Last night when Paul and I took our late-afternoon bike ride with Maya here on Fakarava, we played a game exchanging our favourite memories from our trip so far. We had no shortage of snapshots to share, from moments that made our hearts soar to inside jokes that still make us laugh out loud. It was a good way to counter our recent frustrations – a soothing remedy for feeling a bit cursed on this trip.
Because sometimes it feels like we’re being punished for ever dreaming it up in the first place.
Trust me when I say we’ve worked very hard to keep our spirits as buoyant as possible. We have changed our plans and spent more money when required to make things easier on us, foregoing some of our original goals. Our mantra has always been things will get better, specifically with regards to the baby’s issues sleeping at night.
But the reality is that things got worse on the sleep front, culminating with nearly two weeks of constant waking at night. Paul pulled another Breaking Bad moment (here was the first one) around 5 a.m. the other day, walking back and forth on the dirt road in front of our bungalow, wailing babe in arms, clad only in his underwear and a headlamp.
But the sun always comes up. And once the dark underbelly of nighttime disappears, circumstances suddenly look upward. With packaged cappuccino number two consumed, playtime begins with dear Maya, who seems completely unfazed by the night’s events. Big brown eyes lighting up with excitement over the next piece of coral (of 10,386 played with so far), she squeals with delight and crouches curiously towards the ground, analyzing her latest find. I’m sure to bring some pieces along when we go biking. Turns out they are endlessly entertaining for her.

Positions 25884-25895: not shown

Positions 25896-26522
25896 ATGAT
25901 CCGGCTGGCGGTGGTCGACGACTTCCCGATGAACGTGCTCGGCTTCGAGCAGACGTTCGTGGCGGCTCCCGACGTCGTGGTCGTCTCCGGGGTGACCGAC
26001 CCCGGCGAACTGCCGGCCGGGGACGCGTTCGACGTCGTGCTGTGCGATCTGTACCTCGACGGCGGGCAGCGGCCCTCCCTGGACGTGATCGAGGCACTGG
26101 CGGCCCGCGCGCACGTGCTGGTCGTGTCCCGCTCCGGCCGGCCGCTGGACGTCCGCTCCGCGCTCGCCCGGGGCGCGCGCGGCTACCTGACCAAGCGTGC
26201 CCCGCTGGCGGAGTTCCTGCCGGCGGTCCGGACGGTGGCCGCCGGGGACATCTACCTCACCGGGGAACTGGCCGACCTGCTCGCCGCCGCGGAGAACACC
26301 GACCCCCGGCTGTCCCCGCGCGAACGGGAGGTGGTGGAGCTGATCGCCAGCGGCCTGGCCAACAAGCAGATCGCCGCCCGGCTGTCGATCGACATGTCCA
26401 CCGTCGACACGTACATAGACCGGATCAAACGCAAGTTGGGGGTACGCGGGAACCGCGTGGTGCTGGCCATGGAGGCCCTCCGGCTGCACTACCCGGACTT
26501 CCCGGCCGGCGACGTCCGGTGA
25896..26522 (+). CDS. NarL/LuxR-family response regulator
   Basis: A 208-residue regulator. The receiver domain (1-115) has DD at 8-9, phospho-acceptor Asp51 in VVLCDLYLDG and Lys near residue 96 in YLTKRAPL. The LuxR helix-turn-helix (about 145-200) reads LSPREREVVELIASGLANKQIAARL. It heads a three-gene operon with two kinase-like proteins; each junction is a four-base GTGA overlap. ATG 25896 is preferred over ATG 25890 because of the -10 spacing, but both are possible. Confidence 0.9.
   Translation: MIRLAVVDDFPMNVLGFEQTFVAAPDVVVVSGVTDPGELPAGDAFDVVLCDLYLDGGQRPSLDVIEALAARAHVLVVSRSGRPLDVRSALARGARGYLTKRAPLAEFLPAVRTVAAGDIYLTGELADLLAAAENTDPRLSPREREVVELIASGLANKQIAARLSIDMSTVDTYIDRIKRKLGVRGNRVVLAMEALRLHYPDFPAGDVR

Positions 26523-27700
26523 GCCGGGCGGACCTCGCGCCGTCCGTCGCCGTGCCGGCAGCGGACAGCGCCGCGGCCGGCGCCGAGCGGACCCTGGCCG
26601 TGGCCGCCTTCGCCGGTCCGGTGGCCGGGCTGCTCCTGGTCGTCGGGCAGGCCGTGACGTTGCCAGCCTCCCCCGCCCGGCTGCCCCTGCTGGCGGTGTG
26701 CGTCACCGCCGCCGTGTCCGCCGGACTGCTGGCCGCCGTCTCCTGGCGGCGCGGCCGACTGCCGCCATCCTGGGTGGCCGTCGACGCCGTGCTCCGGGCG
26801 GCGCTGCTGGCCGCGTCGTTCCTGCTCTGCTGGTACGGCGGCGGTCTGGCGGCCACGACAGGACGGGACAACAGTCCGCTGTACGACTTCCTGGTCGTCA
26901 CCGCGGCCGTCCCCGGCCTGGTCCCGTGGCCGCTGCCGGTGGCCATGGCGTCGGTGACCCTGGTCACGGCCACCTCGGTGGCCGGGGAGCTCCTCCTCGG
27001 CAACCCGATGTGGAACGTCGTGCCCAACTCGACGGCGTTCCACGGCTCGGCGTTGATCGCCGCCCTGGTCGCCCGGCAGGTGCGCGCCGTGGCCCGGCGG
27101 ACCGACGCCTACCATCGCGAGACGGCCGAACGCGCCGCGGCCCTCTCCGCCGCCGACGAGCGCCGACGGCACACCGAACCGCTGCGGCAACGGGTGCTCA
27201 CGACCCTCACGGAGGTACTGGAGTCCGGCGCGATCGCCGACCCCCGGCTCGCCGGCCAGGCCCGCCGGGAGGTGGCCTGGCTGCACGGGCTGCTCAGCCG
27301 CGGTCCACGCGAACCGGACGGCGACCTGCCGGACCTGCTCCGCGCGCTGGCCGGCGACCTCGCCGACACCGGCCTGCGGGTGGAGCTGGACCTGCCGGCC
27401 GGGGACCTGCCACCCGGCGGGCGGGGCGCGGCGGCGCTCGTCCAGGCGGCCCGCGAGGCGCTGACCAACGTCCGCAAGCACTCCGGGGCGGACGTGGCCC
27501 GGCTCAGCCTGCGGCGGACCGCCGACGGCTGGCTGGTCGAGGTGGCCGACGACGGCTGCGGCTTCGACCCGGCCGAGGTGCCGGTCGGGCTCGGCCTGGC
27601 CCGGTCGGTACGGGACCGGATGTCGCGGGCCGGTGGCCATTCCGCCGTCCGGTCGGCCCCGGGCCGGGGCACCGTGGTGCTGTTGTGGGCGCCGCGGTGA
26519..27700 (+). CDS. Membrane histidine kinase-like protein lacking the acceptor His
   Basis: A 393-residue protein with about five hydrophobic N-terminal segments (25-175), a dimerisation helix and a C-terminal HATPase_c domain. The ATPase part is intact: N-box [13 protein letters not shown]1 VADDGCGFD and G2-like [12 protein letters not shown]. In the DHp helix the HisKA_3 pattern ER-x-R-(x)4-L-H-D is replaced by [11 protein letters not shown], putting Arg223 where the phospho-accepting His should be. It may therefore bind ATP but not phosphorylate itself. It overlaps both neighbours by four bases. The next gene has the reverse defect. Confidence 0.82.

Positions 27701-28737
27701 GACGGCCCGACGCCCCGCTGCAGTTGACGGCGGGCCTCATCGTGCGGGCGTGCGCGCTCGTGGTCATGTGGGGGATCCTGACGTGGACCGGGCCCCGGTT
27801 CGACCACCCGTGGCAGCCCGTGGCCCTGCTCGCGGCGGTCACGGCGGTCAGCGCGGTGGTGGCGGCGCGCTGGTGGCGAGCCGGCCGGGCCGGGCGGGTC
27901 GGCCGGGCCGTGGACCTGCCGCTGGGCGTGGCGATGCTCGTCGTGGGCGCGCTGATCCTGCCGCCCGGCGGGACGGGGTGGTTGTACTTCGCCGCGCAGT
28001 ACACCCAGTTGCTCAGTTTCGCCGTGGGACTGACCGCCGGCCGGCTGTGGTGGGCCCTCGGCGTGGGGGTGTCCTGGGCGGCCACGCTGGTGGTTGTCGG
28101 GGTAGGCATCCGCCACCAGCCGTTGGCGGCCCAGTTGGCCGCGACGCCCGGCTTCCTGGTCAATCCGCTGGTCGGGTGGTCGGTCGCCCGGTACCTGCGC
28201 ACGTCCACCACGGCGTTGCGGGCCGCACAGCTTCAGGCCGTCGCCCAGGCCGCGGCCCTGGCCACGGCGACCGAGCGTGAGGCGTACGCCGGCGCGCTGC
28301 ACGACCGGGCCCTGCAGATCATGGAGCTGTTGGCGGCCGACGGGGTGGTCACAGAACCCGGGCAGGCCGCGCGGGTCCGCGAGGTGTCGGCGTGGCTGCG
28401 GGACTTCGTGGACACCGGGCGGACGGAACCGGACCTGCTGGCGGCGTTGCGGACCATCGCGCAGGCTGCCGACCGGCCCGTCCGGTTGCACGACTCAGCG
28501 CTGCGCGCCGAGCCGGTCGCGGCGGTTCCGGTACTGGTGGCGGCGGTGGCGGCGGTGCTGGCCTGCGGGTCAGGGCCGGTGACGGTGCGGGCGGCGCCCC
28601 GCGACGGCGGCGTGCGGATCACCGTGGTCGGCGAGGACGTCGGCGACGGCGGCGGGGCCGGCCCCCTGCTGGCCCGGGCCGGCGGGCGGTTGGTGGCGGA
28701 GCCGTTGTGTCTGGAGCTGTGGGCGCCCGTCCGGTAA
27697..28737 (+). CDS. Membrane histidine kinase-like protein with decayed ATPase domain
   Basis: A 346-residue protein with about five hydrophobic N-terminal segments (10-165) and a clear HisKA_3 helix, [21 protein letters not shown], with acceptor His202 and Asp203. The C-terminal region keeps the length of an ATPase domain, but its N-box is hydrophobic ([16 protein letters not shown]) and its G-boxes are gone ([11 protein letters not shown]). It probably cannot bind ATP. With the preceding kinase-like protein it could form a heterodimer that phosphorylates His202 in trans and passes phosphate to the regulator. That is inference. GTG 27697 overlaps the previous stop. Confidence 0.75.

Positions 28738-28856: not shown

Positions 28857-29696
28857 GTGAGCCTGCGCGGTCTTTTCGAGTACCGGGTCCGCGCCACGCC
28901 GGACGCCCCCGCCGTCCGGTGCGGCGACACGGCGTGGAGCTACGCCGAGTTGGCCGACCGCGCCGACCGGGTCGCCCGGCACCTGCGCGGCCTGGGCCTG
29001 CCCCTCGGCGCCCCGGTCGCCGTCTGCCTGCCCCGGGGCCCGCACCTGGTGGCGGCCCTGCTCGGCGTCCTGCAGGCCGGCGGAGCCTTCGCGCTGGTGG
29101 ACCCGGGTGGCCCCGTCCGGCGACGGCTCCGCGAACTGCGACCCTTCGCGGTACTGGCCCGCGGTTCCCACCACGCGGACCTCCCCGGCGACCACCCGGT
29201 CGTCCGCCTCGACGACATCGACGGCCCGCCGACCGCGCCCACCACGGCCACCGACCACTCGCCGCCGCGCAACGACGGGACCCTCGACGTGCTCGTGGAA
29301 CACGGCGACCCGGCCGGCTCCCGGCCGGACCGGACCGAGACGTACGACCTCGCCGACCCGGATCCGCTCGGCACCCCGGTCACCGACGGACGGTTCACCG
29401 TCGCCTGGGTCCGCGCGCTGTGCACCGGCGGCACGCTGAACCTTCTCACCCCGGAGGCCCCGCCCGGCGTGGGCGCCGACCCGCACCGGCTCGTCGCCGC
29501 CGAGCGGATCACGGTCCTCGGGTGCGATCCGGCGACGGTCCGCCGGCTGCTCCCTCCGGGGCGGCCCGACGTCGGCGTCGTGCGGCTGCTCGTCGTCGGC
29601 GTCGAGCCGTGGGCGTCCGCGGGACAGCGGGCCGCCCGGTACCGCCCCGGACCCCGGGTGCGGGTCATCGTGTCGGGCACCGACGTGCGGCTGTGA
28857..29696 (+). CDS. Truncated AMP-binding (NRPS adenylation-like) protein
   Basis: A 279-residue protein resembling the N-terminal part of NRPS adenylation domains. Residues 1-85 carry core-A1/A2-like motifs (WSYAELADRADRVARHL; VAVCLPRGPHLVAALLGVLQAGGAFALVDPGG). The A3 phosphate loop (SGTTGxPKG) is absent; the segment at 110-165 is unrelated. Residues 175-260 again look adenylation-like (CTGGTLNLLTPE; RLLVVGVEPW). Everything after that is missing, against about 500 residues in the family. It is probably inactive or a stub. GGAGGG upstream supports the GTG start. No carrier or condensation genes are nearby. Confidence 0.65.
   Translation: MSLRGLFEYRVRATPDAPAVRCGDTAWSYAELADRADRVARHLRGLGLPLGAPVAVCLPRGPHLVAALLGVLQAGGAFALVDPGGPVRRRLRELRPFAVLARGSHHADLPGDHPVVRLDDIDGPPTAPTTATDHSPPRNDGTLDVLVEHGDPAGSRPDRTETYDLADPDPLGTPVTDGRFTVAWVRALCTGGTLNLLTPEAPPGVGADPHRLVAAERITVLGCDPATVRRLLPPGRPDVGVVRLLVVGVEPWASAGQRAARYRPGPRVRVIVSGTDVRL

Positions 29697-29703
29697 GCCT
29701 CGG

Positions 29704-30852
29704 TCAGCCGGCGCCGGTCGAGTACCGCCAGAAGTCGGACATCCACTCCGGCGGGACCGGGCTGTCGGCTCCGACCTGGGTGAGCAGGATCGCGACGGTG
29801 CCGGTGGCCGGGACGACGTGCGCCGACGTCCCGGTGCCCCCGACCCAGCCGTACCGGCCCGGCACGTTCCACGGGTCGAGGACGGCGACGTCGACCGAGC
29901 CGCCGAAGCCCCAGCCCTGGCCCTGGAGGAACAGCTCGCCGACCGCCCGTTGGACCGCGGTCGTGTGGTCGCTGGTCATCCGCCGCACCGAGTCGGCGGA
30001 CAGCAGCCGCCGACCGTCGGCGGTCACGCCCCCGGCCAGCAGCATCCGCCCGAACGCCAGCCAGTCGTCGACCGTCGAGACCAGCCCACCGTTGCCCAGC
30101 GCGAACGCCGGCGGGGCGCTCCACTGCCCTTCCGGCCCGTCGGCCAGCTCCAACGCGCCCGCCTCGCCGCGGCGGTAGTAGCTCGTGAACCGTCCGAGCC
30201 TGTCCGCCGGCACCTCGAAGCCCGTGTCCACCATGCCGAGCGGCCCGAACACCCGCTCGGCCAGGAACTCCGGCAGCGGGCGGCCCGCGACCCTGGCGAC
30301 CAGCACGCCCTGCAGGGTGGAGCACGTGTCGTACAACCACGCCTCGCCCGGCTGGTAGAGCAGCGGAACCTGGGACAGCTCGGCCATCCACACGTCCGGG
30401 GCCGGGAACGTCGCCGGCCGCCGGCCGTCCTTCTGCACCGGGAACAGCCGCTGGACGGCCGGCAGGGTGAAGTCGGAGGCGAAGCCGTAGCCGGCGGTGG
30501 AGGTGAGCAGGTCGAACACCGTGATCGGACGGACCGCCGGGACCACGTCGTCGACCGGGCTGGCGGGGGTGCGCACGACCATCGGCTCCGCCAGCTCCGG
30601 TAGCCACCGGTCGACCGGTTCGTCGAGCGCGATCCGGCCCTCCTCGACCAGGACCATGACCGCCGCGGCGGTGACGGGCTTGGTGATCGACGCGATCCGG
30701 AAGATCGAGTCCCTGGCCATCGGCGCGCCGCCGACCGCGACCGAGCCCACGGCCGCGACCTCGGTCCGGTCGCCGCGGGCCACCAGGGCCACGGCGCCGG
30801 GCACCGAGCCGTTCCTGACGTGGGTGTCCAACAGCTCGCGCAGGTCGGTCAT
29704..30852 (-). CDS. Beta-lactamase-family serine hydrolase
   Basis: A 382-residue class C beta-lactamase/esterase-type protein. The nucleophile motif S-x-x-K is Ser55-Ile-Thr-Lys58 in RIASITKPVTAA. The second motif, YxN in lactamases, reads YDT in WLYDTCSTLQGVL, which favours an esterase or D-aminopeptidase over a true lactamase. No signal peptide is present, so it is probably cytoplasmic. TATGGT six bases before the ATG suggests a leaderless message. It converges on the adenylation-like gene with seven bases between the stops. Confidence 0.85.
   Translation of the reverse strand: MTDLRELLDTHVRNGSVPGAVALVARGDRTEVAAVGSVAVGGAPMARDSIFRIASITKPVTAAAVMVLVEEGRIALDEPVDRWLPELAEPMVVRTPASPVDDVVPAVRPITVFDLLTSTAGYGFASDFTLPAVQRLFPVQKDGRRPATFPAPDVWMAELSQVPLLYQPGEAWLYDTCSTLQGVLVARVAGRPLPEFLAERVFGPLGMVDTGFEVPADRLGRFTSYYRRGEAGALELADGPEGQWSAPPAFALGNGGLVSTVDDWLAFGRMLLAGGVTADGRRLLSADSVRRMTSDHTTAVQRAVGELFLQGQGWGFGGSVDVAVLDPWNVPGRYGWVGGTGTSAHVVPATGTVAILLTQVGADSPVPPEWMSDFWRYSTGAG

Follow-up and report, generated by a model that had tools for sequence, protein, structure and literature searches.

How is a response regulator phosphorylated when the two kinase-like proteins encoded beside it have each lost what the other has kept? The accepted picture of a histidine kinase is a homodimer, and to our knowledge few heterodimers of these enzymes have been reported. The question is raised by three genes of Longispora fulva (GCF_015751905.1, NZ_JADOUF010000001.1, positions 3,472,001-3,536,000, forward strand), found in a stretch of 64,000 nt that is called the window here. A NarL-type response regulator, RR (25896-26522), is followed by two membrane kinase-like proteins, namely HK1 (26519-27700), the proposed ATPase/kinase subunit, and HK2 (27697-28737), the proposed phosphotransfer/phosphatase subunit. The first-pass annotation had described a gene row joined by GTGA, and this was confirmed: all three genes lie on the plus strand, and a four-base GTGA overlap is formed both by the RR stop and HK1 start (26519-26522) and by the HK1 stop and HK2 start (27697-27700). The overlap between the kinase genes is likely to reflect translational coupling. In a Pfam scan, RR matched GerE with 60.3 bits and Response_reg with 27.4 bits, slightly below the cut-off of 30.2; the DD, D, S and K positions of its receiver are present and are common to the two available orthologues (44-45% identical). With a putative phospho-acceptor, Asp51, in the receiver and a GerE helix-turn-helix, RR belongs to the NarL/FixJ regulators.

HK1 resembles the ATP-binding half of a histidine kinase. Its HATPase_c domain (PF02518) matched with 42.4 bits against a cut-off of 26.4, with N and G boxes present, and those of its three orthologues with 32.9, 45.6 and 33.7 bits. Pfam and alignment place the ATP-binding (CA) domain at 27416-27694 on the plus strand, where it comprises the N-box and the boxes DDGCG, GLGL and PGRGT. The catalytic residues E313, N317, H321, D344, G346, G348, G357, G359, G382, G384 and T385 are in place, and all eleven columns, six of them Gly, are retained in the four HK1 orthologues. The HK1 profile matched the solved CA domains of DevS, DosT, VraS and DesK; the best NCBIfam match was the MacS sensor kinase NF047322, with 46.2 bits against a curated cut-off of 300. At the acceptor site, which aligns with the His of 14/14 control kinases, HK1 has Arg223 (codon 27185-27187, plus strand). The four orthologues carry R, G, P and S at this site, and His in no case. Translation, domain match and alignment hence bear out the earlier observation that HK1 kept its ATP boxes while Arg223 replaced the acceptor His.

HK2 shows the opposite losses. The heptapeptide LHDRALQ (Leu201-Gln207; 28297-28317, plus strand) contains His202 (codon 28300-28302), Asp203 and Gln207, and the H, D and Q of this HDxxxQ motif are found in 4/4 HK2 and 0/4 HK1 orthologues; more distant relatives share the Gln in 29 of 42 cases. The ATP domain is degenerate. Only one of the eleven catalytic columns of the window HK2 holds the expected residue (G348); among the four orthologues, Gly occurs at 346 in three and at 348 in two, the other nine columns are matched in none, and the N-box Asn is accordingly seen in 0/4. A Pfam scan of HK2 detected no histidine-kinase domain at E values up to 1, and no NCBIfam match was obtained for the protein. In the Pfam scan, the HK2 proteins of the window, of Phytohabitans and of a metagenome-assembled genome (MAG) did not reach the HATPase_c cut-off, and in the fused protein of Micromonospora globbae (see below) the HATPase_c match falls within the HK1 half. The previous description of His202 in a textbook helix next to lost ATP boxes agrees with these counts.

Despite the sleepless nights, I’m still smiling ear-to-ear as we cycle along the ocean, catching the breeze, saying Ia Orana to passing Polynesians.
When I say we’re feeling cursed, though, it’s because things keep happening that trump our plans, and it’s becoming rather comical. We decide we’ll splurge on a pizza for dinner. The pizza lady is in Tahiti. We decide Paul will go on a tour snorkelling in the South Pass of the atoll. The tour operators can’t take him because they are busy taking cruise ship people who have taken over the island for the day. Paul takes off on a bike to capture some photos, and ends up with a flat 10 kilometres from town. On and on it goes.
That’s travel for you.
I know that we’ll look back on this trip with a lot of fondness and that the investment we’re making now will continually pay off throughout our life as a family. The reality, however, is that our challenges really beat us up. We are not the types to go looking for things that aren’t going well. Quite the opposite. But with a baby in tow, circumstances became even more disappointing when we were also planning our days around baby’s needs. Our stars would finally align to do something – anything! – and quickly fall out of place.
I originally told you this whole trip was an experiment to see if we could find balance on a “working holiday”. By some measures, we have totally failed, and there was nothing we could have done about it except for giving up and going back home. And by other measures, we have succeeded. We have survived nearly 70 days in the South Pacific with our one-year old and made the most of each and every day despite major sleep deprivation. We have driven 4,000 kilometres through New Zealand, toured the coral uplift of Niue and hopped our way through the islands of French Polynesia, all while feeding Maya three square meals a day, creating time and space for her to nap and, if her smiles are any indication, keeping her very, very happy.
Our travels as a family have made us cry at times, laugh even more, and smile the most. In the end, success will simply be arriving at our doorstep in Banff and saying, “we did it.”